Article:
“Damp conditions predispose the feet of cattle to damage and infection, making it important to watch for foot rot during wet times of the year, or in areas where there is a buildup of mud and/or manure,” explained Gordon Brumbaugh, DVM, PhD, DACVCP, DACVIM, anti-infectives specialist with Pfizer Animal Health. “It is difficult to totally eliminate rocks, gravel, forage, or ice from pastures or corrals but it is important to recognize that these, or other sharp surfaces, can cut the skin between the toes of the foot and allow bacteria to invade and cause an infection. Vigilance to remove those can help control foot rot.”

Technically, foot rot is not contagious, but chances are good that if one animal develops foot rot, the conditions are right for more animals in the herd to become infected. Also, discharge from the wounds of infected animals may seed the ground with infection-causing bacteria.

Preventing and managing foot rot

Effective strategies for prevention and treatment are important in managing foot rot because of the potential for lameness—the primary and most obvious sign of foot rot. Swelling and lameness can come on suddenly, becoming so painful that cattle lie down and refuse to stand or eat. According to one study, steers with lameness related to foot rot gained 0.45 pounds less per day compared to non-infected animals.

After a proper diagnosis is made with the help of your veterinarian, Brumbaugh recommended starting treatment. Although some very mild cases may respond to cleaning and topical therapy, most cases require the use of systemic anti-infective therapy.

“Extended therapy products can help reduce or limit disease-causing bacteria for a longer period of time and allow the animal’s immune system more time to overcome the effects of the bacteria,” Brumbaugh added. “And to help limit recovery time, affected animals should be kept in dry areas, if possible, until healed.”

Managing this condition starts even before cattle are infected. “By taking the precautions to limit bacterial growth in the surrounding environment, you can save time and money and keep your herd as healthy as possible,” Brumbaugh said.

Research shows up to 15 percent of a herd could become affected by foot rot in the right conditions; therefore, recognizing situations that are conducive to infection is the first step in prevention. Although not fatal, if the infection spreads to an animal’s joints and causes severe lameness, the disease can result in an animal needing more extensive treatment or culling.3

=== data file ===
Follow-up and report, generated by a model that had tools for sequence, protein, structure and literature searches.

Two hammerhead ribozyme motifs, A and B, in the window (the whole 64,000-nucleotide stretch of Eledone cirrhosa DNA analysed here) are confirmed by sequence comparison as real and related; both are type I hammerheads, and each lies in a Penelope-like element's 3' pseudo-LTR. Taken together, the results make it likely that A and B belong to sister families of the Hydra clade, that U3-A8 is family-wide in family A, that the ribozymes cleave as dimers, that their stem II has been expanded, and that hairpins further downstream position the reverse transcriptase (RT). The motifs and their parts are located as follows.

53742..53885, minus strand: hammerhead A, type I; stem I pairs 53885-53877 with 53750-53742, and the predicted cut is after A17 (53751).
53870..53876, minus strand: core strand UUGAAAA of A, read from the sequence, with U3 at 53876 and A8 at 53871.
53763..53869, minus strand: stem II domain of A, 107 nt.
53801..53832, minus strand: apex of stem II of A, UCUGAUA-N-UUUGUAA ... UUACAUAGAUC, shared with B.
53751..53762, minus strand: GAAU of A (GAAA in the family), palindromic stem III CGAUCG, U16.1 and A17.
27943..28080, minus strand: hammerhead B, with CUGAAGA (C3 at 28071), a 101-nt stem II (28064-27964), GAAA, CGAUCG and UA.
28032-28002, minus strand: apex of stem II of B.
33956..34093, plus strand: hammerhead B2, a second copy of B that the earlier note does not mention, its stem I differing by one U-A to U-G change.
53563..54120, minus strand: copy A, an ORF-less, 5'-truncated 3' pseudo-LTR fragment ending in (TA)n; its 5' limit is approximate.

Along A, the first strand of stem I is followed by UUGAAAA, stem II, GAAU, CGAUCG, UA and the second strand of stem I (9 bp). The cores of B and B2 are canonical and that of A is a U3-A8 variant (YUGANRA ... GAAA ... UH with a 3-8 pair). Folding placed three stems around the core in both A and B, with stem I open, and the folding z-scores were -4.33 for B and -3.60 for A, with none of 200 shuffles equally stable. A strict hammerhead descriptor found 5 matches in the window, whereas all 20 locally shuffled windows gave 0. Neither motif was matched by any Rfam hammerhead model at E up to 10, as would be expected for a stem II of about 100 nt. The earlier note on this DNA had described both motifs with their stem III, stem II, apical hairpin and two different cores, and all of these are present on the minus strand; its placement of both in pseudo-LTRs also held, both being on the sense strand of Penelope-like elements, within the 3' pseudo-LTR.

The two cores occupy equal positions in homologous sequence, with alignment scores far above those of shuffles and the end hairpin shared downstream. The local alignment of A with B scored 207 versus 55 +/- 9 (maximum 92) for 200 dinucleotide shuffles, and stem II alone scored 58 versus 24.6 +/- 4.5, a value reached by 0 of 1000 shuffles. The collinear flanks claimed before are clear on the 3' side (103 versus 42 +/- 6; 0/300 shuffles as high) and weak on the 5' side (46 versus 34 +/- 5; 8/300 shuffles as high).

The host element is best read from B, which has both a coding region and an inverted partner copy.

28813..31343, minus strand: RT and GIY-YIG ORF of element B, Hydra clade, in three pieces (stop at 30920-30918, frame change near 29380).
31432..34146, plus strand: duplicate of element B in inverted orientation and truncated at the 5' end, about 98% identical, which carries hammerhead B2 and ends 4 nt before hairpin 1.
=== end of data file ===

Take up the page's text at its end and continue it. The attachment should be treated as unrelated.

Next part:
Foot rot management not only includes treating affected cattle with trusted anti-infectives, but also taking steps towards prevention. According to the Beef Cattle Handbook, from the University of Wisconsin, follow these recommendations to help prevent foot rot.

• Keep cattle yards clean and free of sharp objects like stones, glass or rough ground.

• Cover frozen ground with straw.

• Thoroughly clean pens and spread lime after cattle are removed.

• Ensure cattle yards have adequate drainage.

• Create a dry area for cattle to stand with mounds of soil, bedding or concrete slabs.

• Use concrete in areas where cattle congregate, like around water fountains and feed bunks.

• Spread lime with 5 to 10 percent added copper sulfate around watering units and feed bunks.

• Consider the use of walk-through foot baths.

• Provide good nutrition, including phosphorus, vitamins A and D, and zinc.

“Because the organisms that cause foot rot are found everywhere, the best way to prevent the disease is to promote hoof health,” Brumbaugh encouraged. “Then watch for signs of the disease, recognize the condition early and treat according to your veterinarian’s recommendations.”

Pfizer Inc. (NYSE: PFE), the world’s largest research-based pharmaceutical company, is a world leader in discovering and developing innovative animal vaccines and prescription medicines. Pfizer Animal Health is dedicated to improving the safety, quality and productivity of the world’s food supply by enhancing the health of livestock and poultry; and in helping companion animals live longer and healthier lives. For additional information on Pfizer Animal Health’s portfolio of animal products, visit